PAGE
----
Announcement

Collapse

Welcome to the New Seqanswers!

Welcome to the new Seqanswers! We'd love your feedback, please post any you have to this topic: New Seqanswers Feedback.
See more
See less

MeDIP-seq and Seqmonk

Collapse
X
 
  • Filter
  • Time
  • Show
Clear All
new posts

  • MeDIP-seq and Seqmonk

    Hi everyone,

    I am looking for some advice regarding the analysis of a MeDIP-seq dataset. I generated paired-end sequences of two biological replicates of the same genotype, while just one Input sequence is available.
    I was planning to use Seqmonk to have a first glance but despite it's very user-friendly I am having a hard time understanding which tools I should use; in particular, I do not see at which step the Input dataset is taken into account to correct the IP datasets. The only option that makes the distinction between IP and Input seems to be the use of MACS to define probes but I was wondering if the MACS algorithm is good at finding what I expect to be rather wide peaks.
    I hope my queston is not too confused.
    Thanks in advance.
    Last edited by Grenouille; 06-05-2013, 03:58 AM.

  • #2
    Haven't used SeqMonk. Take a look at MEDIPS. What are others using for MeDIP-Seq analysis with biological replicates?

    Comment


    • #3
      Thank you for the reply. I am already using MEDIPS but just to compare different samples, apparently it is not appropriate for the identification of sample-wise local enrichment. I was told that to look for methylation-rich regions it is better to use a regular peak finder tool.

      Comment


      • #4
        I've used MACS and ZINBA on MEDIPS data, but this data doesn't really look "peaky" the way other xIP experiments might, and not sure how methods like these that were mainly designed for ChIP-seq are performing on MeDIP.

        Comment


        • #5
          That's exactly my point. I would say that MeDIP peaks shouldn't look too different from ChIP peaks for histone modifications (such as H3K27me3) but as I am a beginner I wanted to ask for the opinion of more experienced people!

          Comment


          • #6
            Hi,
            I am also using MEDIPS for sample-wise enrichment, from the manual:

            In principle, it is possible to calculate genome wide coverage and methylation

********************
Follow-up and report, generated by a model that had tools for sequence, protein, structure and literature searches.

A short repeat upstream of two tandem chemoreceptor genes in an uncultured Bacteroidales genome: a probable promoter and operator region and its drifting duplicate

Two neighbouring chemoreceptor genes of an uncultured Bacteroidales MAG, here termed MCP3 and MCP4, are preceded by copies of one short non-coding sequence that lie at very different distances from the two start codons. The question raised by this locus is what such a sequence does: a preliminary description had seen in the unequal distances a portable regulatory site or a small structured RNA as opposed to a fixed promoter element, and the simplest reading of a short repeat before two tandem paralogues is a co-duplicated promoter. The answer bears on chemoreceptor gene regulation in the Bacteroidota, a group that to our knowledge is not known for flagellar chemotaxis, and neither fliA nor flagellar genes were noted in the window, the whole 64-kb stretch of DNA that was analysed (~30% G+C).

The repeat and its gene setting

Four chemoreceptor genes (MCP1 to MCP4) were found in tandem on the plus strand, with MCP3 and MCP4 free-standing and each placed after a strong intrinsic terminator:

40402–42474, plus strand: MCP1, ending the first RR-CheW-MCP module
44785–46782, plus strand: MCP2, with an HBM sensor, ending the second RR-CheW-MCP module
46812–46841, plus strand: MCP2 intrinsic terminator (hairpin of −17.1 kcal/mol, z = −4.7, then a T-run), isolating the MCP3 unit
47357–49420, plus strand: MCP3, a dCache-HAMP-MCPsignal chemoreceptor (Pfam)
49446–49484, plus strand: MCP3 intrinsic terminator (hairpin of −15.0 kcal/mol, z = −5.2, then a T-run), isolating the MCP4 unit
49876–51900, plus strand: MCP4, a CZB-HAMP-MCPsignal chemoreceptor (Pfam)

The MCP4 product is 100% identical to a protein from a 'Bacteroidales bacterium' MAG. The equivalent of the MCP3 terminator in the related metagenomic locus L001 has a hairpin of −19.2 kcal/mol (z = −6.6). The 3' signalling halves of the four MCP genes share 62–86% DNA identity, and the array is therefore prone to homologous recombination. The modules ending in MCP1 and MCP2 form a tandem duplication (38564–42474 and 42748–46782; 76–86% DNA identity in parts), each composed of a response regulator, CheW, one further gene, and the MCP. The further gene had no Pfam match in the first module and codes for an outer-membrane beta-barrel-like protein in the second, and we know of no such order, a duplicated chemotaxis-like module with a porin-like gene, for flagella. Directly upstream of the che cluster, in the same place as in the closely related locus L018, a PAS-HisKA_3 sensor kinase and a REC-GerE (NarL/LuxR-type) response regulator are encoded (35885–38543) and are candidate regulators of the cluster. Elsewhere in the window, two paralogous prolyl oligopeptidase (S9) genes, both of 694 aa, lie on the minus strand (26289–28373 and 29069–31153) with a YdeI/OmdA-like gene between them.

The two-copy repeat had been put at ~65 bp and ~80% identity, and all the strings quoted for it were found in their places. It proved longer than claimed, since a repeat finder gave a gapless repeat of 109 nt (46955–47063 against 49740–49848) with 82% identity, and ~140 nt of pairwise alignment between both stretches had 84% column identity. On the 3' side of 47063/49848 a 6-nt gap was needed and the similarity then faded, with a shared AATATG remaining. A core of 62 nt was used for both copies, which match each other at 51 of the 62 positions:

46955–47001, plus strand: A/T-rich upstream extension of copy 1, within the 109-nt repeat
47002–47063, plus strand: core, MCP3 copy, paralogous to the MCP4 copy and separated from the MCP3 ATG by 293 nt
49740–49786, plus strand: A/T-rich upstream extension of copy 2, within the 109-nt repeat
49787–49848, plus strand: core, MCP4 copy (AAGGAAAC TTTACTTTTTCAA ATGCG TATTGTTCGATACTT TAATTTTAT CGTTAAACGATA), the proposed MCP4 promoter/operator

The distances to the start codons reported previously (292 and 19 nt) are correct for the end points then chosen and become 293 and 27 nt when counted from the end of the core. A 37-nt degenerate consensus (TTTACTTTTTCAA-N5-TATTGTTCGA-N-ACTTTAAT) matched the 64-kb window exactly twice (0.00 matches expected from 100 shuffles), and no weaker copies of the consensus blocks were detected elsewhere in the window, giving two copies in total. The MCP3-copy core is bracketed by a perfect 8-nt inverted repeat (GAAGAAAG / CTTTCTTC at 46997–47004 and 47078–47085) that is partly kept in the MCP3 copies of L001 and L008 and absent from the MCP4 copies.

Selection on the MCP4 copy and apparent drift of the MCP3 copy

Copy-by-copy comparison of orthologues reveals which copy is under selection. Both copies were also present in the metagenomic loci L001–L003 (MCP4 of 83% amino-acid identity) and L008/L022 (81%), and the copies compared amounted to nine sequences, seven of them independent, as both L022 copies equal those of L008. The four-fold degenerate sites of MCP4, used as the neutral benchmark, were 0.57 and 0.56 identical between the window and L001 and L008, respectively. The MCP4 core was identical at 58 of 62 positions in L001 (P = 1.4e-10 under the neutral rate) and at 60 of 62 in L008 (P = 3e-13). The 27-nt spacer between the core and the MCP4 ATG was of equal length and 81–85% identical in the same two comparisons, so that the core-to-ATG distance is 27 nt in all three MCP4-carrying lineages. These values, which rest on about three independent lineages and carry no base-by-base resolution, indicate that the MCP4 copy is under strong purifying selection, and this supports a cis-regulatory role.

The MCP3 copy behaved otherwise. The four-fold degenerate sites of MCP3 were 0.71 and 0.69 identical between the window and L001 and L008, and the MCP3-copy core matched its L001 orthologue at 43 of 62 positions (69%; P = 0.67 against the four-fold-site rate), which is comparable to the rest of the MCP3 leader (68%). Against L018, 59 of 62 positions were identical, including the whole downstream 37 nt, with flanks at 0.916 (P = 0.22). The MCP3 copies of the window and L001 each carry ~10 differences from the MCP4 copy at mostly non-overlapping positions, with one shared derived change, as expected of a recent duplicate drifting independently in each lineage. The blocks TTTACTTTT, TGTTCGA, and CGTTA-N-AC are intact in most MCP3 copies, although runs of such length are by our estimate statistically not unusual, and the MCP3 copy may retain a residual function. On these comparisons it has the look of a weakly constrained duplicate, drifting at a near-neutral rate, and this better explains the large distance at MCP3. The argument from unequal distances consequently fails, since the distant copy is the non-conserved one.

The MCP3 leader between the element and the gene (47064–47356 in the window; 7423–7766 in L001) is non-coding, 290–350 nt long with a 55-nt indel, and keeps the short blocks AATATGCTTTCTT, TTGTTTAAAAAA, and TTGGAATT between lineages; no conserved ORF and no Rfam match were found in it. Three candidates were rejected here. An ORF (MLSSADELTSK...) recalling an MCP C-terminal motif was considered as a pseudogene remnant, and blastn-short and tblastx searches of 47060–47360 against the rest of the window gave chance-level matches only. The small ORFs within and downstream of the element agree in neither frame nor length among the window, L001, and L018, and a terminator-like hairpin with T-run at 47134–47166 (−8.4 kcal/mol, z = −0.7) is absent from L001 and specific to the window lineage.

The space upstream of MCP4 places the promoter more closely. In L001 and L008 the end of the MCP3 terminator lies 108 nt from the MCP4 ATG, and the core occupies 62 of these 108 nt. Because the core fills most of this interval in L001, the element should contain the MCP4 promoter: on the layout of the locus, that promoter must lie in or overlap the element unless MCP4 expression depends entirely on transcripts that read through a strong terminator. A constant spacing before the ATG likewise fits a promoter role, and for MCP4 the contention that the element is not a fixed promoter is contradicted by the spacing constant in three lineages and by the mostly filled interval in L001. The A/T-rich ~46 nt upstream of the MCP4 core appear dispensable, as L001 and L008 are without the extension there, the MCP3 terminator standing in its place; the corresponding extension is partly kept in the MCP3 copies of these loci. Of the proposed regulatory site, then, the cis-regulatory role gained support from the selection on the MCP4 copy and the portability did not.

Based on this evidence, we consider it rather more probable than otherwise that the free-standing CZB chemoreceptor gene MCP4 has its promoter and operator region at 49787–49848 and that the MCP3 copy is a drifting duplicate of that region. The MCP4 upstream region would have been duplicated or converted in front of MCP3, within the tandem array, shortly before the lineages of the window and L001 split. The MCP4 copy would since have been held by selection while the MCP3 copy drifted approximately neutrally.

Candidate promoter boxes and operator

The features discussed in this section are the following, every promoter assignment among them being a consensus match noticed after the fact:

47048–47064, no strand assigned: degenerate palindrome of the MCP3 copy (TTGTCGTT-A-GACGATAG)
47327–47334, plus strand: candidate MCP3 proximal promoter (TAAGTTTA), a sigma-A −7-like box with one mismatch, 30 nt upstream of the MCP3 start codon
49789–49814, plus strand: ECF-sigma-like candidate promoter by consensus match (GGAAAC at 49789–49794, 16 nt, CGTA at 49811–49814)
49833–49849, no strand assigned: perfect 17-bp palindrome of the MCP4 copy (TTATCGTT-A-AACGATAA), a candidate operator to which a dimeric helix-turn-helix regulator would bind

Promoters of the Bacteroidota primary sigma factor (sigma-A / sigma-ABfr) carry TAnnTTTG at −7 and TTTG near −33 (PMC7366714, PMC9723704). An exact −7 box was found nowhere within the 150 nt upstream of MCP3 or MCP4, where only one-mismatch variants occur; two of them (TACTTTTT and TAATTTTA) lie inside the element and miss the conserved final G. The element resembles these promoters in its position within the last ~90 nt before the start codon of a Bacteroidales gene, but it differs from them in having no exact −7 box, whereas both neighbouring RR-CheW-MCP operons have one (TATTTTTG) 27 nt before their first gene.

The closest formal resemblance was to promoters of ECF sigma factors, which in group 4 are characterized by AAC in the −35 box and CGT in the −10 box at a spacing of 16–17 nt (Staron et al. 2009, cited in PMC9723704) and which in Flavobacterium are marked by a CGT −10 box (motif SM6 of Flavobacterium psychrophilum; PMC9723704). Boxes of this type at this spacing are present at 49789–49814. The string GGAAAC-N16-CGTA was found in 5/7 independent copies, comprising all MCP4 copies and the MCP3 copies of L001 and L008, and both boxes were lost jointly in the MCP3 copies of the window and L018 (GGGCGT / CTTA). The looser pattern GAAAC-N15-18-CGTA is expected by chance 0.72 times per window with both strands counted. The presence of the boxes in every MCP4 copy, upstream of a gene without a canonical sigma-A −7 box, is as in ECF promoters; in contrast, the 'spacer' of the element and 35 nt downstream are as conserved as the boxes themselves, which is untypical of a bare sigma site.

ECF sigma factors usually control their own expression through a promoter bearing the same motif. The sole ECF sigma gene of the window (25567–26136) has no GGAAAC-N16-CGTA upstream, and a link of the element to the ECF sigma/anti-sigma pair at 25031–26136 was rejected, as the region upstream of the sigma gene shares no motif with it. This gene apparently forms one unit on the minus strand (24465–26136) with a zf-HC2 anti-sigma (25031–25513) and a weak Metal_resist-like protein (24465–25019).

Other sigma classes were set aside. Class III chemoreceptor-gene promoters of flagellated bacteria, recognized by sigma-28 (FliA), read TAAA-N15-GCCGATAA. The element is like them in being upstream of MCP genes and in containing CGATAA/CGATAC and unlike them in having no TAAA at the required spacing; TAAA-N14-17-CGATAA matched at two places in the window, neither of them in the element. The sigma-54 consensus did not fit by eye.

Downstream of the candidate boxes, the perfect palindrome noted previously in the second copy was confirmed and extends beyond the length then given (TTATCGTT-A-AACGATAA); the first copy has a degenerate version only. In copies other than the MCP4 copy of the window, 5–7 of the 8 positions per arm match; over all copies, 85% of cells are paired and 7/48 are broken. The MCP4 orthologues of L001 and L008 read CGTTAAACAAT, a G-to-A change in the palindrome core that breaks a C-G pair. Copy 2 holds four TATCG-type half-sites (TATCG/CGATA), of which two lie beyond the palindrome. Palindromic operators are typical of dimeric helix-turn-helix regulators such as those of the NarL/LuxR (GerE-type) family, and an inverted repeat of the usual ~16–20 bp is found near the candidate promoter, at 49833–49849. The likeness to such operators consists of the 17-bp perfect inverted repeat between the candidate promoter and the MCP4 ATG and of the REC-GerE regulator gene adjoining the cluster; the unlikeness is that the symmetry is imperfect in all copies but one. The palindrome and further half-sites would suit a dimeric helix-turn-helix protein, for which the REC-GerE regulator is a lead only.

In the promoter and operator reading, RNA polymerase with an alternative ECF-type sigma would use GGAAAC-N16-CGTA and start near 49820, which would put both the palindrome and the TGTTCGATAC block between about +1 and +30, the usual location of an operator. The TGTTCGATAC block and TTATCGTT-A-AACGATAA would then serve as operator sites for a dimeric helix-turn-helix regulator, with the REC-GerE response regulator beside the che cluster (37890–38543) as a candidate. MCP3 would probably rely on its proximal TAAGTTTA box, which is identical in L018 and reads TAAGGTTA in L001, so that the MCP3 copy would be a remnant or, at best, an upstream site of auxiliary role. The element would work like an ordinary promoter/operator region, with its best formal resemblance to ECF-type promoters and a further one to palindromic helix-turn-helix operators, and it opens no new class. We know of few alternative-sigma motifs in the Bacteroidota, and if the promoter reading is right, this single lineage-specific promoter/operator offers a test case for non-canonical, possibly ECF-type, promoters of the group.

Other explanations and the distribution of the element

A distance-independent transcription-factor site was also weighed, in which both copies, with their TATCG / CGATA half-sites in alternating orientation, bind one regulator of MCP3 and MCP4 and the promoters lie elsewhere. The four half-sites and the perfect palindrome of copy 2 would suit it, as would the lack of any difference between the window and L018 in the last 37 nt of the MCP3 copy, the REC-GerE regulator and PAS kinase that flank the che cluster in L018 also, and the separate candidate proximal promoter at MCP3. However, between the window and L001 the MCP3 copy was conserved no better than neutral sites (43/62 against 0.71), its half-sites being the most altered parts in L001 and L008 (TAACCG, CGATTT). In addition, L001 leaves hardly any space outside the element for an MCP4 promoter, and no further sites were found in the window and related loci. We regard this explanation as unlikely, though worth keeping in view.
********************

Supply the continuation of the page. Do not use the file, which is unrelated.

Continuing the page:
proles for only one MEDIPS SET or for only one group of MEDIPS SETs
            using the function
            MEDIPS.meth
            But in ther meantime I used also MACS to calls for peaks refining the bandwitch and results are consistent. Then I called peaks with some other programs and extracted a consensus peakste with R package DiffBind

            Anyway, I am really interesting in sharing knowledge with you guys..
            Last edited by paolo.kunder; 06-05-2013, 07:10 AM.

            Comment


            • #7
              Hi Paolo,

              thanks for replying.
              Did you include Input samples in your analysis? I know that the usefulness of such data is controversial but in my case I think I am really obliged to take Inputs into account; I am working with several different genotypes, while only one reference genome is available. That means that, due to structural variants, for some samples I could have some regions that show no coverage because the sequence is absent in that particular genotype, and here is where the Input becomes essential.
              Are you working with similar data?

              Comment


              • #8
                Can you direct me to a published paper where DMR analysis has been done without taking the input in consideration (or without input subtraction/normalization)?

                Comment

                Working...
                X